opportunities that perhaps do not fit within the current legislative definition of permissible services that might be considered, and i would have to discuss that with my colleagues, but i would think there might be opportunity for us to consider that and get back to you in writing, mr. chairman. >> let me say this. the hearing today is to get information, ideas, and to see how we can work together. he is not about whether you have sent us a letter already, is about what you need to send to get us moving. i want to stay focused on what we need to focus on. on that point, mr. donahoe, what can we do on this side you think needs to be done to help you become viable? >> the key issue is to address the congressional mandates are around their retiree health benefits, and to allow us to deliver flexibility.
those are the key thing is going forward. we have been responsible stewards of this organization. we take seriously our requirements to the american people for service and to the american public to provide efficient service. just as the chairman said, one of the visions of your committee -- we take that seriously. what we need his help on the issues that are beyond our control. we have excellent employees. we have excellent working relationships with our four unions. we know how to get things done. the things we cannot control of the mandates, the retiring health benefits. get those of the way. you will never see us again. all you will hear our accolades about how good the service is to the american public. >> i think you are serious about it because you have hired one of
our best. i think you are committed. on that note, mr. chairman, i yield back, and if there is someone that disagrees that there should be additional service, i would like to hear you respond very quickly. >> to the chairman's point, he mentioned the facilities. there are plenty of opportunities to provide services for other people to come in. we are exploring those. we know there is a lot of value in the mail. we will continue to work on that. >> thank you. we now recognize the chairman of the transportation committee, a longtime member of this committee -- senior? you are too young to be senior. mr. micca. >> that is just using a lot of just for men. [laughter] >> i do not know if our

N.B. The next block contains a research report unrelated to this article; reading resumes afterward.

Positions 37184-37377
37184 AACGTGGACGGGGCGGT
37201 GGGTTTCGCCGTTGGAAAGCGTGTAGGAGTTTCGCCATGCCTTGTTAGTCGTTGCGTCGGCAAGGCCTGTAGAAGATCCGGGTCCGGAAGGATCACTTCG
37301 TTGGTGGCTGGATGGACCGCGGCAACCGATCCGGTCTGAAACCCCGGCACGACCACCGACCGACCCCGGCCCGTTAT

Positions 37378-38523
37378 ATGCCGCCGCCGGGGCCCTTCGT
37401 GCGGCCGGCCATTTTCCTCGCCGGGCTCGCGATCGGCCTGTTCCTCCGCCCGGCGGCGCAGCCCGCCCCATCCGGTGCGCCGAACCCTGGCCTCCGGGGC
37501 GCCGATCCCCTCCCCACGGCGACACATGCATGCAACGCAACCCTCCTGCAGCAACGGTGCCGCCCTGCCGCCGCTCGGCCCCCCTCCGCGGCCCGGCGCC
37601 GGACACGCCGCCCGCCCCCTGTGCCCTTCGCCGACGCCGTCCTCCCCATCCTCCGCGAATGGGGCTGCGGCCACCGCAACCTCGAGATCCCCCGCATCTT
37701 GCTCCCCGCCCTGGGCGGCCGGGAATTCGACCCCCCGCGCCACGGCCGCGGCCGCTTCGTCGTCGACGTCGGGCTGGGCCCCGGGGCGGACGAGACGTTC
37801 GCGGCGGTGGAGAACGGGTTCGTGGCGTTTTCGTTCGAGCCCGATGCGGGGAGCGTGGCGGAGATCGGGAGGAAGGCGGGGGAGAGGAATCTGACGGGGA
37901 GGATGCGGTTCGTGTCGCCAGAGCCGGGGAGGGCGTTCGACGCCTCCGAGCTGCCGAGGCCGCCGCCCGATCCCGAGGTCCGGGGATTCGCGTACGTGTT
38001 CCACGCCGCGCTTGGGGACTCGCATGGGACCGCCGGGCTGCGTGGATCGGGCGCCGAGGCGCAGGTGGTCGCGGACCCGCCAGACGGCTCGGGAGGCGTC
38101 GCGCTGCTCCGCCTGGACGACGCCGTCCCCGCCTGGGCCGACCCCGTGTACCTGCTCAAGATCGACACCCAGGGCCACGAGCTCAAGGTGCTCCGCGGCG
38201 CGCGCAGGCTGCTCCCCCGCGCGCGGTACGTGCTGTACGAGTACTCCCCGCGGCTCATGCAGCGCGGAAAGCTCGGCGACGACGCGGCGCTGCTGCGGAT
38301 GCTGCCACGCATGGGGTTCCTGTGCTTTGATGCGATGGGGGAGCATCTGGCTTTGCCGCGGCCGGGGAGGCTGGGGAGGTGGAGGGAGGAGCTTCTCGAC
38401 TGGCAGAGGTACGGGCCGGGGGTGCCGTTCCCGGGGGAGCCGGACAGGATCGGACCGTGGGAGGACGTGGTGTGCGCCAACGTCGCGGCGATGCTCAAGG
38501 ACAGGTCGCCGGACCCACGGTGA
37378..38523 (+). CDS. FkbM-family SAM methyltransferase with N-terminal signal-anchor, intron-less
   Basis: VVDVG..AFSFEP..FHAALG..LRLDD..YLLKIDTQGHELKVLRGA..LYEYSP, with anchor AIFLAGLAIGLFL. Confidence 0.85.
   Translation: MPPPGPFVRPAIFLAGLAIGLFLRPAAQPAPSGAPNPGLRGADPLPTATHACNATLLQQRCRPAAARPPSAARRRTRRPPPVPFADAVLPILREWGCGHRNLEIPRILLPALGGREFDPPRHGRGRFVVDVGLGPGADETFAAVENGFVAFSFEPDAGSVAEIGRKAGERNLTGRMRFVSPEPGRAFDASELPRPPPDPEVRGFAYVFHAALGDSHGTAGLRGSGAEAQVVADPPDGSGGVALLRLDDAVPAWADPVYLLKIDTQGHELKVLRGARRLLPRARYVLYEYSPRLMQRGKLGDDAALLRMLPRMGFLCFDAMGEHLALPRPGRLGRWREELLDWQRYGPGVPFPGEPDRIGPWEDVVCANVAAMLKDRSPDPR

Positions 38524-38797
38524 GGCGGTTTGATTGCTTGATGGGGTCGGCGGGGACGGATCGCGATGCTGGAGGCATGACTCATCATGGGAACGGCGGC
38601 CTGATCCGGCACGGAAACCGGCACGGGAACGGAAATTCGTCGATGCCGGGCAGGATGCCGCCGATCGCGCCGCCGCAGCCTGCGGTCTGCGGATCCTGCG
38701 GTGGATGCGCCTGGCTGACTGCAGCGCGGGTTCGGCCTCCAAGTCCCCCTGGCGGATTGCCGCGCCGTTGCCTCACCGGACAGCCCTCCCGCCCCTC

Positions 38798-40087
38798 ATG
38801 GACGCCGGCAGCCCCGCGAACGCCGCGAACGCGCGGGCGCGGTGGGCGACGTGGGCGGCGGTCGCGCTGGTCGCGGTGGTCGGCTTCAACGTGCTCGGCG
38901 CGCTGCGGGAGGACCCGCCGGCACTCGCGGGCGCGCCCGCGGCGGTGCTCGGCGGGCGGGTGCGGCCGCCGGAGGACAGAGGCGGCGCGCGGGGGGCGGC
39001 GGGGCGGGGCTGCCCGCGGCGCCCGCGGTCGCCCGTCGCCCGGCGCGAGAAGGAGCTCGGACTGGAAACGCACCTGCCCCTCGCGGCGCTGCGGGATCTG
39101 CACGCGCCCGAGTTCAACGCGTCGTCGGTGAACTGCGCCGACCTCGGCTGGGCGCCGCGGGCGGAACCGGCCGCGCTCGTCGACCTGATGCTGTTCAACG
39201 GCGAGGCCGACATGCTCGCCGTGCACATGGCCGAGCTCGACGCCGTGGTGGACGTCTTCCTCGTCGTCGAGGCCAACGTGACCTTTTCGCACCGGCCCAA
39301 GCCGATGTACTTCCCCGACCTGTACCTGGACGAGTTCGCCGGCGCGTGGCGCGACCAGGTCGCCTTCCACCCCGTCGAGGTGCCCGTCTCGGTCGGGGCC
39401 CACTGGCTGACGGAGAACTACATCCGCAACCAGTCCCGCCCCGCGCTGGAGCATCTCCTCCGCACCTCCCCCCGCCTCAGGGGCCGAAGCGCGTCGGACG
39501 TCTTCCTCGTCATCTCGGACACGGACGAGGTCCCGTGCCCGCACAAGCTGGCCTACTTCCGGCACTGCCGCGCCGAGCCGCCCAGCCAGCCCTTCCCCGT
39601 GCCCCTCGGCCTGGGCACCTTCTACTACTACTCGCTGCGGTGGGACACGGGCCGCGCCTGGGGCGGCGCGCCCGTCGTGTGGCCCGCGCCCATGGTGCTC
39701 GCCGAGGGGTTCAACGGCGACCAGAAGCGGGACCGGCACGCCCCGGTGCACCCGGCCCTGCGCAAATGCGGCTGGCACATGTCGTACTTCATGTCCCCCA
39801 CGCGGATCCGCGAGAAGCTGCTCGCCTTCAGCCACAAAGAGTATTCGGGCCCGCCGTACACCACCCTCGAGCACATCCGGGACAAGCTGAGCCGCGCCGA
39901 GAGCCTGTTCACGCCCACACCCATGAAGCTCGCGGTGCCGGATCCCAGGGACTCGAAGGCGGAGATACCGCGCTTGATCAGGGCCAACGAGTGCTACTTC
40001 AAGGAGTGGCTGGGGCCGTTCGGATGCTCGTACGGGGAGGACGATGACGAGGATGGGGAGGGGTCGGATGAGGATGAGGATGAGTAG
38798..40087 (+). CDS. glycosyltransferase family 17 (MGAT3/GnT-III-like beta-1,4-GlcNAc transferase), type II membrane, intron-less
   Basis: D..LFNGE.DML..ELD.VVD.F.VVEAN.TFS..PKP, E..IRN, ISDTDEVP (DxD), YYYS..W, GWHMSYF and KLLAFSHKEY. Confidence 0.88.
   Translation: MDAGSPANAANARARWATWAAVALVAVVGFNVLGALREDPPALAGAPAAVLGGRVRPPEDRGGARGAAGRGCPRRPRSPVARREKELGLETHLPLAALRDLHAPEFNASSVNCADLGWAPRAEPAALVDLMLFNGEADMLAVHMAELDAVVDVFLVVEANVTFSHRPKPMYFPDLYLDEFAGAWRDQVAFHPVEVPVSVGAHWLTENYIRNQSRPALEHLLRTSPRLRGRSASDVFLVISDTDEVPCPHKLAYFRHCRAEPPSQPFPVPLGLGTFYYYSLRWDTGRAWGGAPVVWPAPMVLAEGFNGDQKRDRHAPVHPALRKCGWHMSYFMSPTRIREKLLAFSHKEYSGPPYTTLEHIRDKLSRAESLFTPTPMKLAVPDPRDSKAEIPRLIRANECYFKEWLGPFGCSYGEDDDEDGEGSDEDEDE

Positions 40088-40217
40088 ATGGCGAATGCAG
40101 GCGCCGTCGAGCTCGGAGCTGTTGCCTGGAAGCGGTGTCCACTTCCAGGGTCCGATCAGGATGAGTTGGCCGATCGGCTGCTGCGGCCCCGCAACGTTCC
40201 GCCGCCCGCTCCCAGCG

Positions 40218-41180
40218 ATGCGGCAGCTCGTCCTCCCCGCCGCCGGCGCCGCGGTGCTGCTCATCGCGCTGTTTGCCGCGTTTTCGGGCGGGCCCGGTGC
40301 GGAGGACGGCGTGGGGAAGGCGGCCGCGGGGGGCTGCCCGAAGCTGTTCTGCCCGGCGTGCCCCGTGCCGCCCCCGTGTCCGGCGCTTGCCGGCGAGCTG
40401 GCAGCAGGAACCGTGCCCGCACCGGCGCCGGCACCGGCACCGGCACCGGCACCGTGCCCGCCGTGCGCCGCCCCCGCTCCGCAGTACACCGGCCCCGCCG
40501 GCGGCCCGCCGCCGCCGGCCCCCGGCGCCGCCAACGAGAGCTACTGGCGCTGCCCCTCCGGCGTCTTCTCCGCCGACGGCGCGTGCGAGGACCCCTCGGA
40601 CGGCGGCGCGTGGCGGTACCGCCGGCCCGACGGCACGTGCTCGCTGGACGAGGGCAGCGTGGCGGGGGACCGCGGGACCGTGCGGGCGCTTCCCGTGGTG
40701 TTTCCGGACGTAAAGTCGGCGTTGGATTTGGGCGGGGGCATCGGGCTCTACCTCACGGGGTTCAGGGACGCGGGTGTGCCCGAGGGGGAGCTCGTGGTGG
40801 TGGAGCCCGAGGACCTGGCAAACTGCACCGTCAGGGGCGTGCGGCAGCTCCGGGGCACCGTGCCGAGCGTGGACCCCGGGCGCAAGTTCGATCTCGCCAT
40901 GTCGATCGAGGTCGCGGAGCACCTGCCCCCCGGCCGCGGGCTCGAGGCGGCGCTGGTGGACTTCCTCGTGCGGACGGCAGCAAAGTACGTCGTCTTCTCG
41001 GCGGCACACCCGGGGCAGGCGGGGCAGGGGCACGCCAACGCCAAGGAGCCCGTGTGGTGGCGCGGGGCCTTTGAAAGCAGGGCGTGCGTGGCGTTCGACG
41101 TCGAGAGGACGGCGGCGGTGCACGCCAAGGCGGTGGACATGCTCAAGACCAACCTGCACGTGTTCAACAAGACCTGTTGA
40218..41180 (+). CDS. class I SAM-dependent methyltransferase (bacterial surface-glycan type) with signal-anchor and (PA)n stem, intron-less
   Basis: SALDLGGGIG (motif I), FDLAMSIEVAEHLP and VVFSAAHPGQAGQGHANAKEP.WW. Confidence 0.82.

witnesses noticed, but the group that has been feeding dinosaurs from the house of representatives is no longer here. unfortunately, it looks like the post office is someone becoming a dinosaur. it is not your fault. everybody has one of these, and you get most of your messages -- i did not send any letters to my nieces and nephews today. i sent them an e-mail. from what i read and heard when i was sitting in the back, you have 570 two thousand employees, and it should be down to 400,000 to deal with the kind of traffic that you have now? is that correct? >> yes. >> i did not see a specific plan on how to get rid of 172,000.
i saw the average cost is $89,845 per employee. i saw you mentioned how you get rid of some of the cost, but that does not help the math. you are 6 billion in the hole this time, right? i asked how your financing that, and they said you have a line of credit with treasury for 15 billion. that runs out in september. what will happen when we stop feeding the dinosaur? >> we do not pay the federal government. >> just billfold? >> we will deliver the mail. >> speaking of delivering the mail, saturday, tuesday, is that off the -- >> it would be saturday. that is the best day.
>> we have been talking about these things. some years ago i had the opportunity -- actually, i went down to the post office. i forget who the postmaster general was. we had to buy him depends at the time because he had never seen a member of congress in his office. they took me around and showed me how many people they got rid of. usually, if you look at some of the overhead, you have people on the ground, and they need to do a good job. sometimes you get rid of the administrative overhead. how may do you have in the administrative positions? >> we have about 16,000 people that includes everyone from operations to payroll to >> how many in washington, d.c.? >> about 1100.